Google is far from perfect, but with a union, things can get better

Google Campus Logo
Google Campus Logo (Image credit: Android Central)

Everyone who works for or at an Alphabet-owned property now has a union they can join. Dubbed the Alphabet Workers Union, it's open to full-time staff, part-time and seasonal staff, and contractors like the folks who provide security or work in the cafeteria. It's not a union in the traditional sense — there won't be a committee that bargains for vacation hours or benefit packages, but is instead a group that has a singular goal in mind: make sure every single worker at Google has a voice.

Parul Koul and Chewy Shaw, executive chair and vice executive chair of the newly-formed AWU make things very clear in a New York Times opinion article:

We are the workers who built Alphabet. We write code, clean offices, serve food, drive buses, test self-driving cars and do everything needed to keep this behemoth running. We joined Alphabet because we wanted to build technology that improves the world. Yet time and again, company leaders have put profits ahead of our concerns. We are joining together — temps, vendors, contractors, and full-time employees — to create a unified worker voice. We want Alphabet to be a company where workers have a meaningful say in decisions that affect us and the societies we live in.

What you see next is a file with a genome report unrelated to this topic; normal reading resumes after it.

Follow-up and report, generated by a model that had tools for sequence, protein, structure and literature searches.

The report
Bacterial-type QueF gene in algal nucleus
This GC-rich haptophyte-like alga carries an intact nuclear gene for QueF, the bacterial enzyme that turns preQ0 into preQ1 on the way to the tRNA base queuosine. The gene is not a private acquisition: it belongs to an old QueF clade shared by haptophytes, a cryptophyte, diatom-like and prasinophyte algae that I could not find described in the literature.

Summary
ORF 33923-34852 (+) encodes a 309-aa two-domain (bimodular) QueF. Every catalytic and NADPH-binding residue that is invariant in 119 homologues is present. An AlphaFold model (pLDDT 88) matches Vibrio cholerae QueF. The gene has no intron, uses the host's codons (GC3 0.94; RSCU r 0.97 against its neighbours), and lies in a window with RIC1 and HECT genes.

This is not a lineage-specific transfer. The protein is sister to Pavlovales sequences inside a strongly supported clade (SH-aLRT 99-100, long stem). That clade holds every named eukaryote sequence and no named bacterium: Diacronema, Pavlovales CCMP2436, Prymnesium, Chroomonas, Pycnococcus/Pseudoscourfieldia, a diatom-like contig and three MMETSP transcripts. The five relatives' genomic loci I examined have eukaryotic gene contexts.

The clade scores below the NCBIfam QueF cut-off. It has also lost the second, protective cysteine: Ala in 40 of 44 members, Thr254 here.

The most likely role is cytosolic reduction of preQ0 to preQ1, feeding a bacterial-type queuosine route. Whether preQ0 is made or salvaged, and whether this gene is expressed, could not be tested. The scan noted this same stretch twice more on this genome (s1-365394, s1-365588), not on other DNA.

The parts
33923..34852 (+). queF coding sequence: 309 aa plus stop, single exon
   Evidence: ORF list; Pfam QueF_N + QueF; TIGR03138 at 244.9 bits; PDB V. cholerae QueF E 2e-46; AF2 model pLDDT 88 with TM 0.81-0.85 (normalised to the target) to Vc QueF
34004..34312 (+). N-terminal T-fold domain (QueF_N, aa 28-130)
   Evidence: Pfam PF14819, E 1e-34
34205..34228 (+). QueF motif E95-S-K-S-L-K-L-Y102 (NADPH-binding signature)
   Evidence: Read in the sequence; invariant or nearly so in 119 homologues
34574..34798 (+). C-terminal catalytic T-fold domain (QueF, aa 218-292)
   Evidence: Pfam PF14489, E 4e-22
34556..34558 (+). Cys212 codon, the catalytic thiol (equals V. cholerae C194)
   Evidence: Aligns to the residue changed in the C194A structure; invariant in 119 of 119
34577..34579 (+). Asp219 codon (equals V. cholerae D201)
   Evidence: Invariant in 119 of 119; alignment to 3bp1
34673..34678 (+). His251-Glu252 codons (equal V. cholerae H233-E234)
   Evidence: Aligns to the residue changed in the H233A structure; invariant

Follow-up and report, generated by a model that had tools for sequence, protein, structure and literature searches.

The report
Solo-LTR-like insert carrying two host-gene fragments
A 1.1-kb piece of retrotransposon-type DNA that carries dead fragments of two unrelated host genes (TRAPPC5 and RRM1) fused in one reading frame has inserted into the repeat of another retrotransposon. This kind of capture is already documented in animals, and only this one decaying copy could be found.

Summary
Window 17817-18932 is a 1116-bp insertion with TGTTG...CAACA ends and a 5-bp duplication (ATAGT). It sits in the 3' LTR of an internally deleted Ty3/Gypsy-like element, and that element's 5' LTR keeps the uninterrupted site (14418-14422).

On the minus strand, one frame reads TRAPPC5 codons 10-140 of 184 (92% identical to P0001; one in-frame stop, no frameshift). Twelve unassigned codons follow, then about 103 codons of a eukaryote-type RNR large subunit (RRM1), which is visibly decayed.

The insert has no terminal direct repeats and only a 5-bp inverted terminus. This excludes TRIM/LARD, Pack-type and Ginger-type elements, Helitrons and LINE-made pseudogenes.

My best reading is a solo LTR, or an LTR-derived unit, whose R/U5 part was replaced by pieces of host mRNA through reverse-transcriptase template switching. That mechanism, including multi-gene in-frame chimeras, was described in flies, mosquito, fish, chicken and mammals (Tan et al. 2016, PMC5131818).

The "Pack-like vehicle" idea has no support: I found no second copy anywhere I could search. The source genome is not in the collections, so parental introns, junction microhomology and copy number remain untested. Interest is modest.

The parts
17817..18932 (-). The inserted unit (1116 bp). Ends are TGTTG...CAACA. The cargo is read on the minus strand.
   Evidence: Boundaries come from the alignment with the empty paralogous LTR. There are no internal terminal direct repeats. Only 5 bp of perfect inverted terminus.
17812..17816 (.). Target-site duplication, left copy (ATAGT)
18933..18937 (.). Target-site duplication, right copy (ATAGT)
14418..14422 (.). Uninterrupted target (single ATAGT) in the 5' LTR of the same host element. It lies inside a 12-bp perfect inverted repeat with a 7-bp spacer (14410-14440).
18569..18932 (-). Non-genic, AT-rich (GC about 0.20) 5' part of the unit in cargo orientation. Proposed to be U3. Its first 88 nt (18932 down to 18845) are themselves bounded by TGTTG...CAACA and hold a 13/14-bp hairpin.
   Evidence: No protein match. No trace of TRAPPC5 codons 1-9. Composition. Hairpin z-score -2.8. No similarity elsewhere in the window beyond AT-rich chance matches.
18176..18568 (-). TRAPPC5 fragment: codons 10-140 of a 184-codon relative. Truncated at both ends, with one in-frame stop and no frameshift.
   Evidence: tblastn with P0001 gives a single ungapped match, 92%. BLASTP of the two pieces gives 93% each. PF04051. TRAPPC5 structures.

This isn't the first time Google employees have unionized, but it is the first time a union for all employees and workers of any tech company has been formed. It's also already official — because of the type of union the AWU is there is no need for any sort of legal process. The union simply states its intentions and people are welcome to join. As of now, there are over 400 members.

Google Walkout

Source: Stephen Lam / REUTERS (Image credit: Source: Stephen Lam / REUTERS)

Google does more than make some of the best Android phones and other products. It is a company with a very diverse staff. It's not as diverse as it could be, but diversity is usually seen as a plus and not a liability. What's the best way to represent people of color or people with disabilities through your products? Have those people help build them.

This is a great idea in theory and most likely works well the majority of the time, but we've all seen how things can break down into a situation where an overrepresented group calls all of the shots. When that overrepresented group is the executive leadership team, things tend to go poorly.

Most recently, the company fired Dr. Timnit Gebru, a leading artificial intelligence researcher, for no reason whatsoever. The firing has caused outrage from thousands of us, including Black and Brown workers who are heartbroken by the company's actions and unsure of their future at Google. — AWU press release

We've also seen what can happen when enough Google workers show solidarity and rally against company policy they don't agree with. We've seen Google pull out of defense department contracts and stop working on a censored version of search designed to placate the CCP because enough employees banded together to protest. Google workers — all Google workers — deserve this level of support when Google says or does something its employees don't agree with, or even worse, affects someone's livelihood because they disagree with an executive decision.